Rarely, vascular tumors can behave more like other soft tissue tumors, in that they can infiltrate tissues and create problems. The symptoms can be quite serious and will require a vascular anomalies expert to intervene… sometimes urgently.
Kaposiform hemangioendothelioma (KHE) is one of these types of tumors. Fortunately, it’s benign and does not spread. In many ways, it follows the natural course of other infantile hemangiomas with a growth phase followed by gradual involution. It is frequently misdiagnosed as a hemangioma.
Nonetheless, several potential problems can occur: KHE can cause a depletion of platelets and clotting factors in the blood, causing a serious condition know as Kasabach-Merritt phenomenon. In this situation, normal clotting of blood does not occur, leaving the patient vulnerable to serious bleeding consequences.
- Along with impairment of clotting, a diffuse skin rash can occur, known as petechiae.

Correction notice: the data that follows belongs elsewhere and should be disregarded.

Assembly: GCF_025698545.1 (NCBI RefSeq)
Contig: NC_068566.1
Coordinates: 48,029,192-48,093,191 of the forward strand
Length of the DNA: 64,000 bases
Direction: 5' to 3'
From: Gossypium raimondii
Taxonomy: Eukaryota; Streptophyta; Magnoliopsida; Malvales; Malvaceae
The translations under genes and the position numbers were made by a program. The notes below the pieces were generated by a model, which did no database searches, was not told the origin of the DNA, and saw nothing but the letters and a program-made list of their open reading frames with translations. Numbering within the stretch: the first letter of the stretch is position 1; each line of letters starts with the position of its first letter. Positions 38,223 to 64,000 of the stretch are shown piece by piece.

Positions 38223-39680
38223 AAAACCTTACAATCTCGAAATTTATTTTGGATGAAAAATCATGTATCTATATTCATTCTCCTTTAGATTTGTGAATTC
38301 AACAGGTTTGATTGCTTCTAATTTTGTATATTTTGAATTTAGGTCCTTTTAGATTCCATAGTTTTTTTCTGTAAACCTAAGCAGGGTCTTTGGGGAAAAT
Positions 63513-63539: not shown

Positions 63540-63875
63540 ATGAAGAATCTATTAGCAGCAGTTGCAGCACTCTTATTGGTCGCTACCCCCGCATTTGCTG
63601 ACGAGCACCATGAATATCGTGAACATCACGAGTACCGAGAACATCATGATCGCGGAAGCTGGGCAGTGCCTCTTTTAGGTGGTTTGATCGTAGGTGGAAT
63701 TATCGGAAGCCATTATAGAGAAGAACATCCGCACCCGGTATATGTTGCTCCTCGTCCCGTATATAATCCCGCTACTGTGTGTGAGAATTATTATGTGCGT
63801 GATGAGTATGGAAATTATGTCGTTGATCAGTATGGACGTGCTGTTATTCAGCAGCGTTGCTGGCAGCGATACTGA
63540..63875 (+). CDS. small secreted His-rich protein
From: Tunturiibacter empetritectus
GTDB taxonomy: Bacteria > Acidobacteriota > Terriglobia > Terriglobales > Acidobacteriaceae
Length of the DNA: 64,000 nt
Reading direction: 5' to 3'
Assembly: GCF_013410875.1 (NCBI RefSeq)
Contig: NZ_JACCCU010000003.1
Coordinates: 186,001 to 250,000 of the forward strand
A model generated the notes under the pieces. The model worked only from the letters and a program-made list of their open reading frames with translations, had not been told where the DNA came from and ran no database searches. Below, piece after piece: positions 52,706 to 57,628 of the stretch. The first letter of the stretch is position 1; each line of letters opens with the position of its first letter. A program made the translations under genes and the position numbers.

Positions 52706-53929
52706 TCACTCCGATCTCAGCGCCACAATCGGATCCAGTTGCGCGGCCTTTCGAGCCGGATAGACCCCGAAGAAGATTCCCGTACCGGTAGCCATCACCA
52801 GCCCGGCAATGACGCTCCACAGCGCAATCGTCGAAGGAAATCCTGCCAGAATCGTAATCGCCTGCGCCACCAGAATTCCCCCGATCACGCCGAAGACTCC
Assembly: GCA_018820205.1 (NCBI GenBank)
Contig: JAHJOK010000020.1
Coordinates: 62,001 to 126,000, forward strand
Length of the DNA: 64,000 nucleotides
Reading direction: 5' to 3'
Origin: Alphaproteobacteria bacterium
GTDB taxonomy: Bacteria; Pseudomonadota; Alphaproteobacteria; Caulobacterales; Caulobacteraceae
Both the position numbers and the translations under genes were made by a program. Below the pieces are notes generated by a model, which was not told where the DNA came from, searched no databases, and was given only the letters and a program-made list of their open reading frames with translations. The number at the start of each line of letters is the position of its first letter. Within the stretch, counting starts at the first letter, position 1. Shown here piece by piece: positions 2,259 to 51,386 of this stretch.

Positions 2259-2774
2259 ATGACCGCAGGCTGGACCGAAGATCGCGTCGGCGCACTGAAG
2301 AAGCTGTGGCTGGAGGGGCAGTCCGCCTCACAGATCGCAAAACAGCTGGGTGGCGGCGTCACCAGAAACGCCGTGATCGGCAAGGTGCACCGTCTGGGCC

- Pain is a common complaint, since KHE can infiltrate muscle, joints, and sometimes, bone.
- Swelling can sometimes be quite severe. The area involved is usually firm to the touch.
- Mobility of the involved tissues or extremities can be severely limited.
The diagnosis is typically made with an examination and biopsy. Once the correct diagnosis is made, monitoring of the tumor is required. Specifically, blood coagulation needs to be checked routinely, and drops in platelet or clotting factor levels will need to be remedied with specific medications. Several medications have been used effectively to treat KHE. Steroids have been used traditionally. However, newer medications have shown good efficacy, including vincristine (chemotherapy agent) and sirolimus (immunosuppressant used in transplant patients).
With close attention and initiation of medical therapy, KHE can be eradicated. The role for surgery and embolization has diminished with advancements in medical therapy.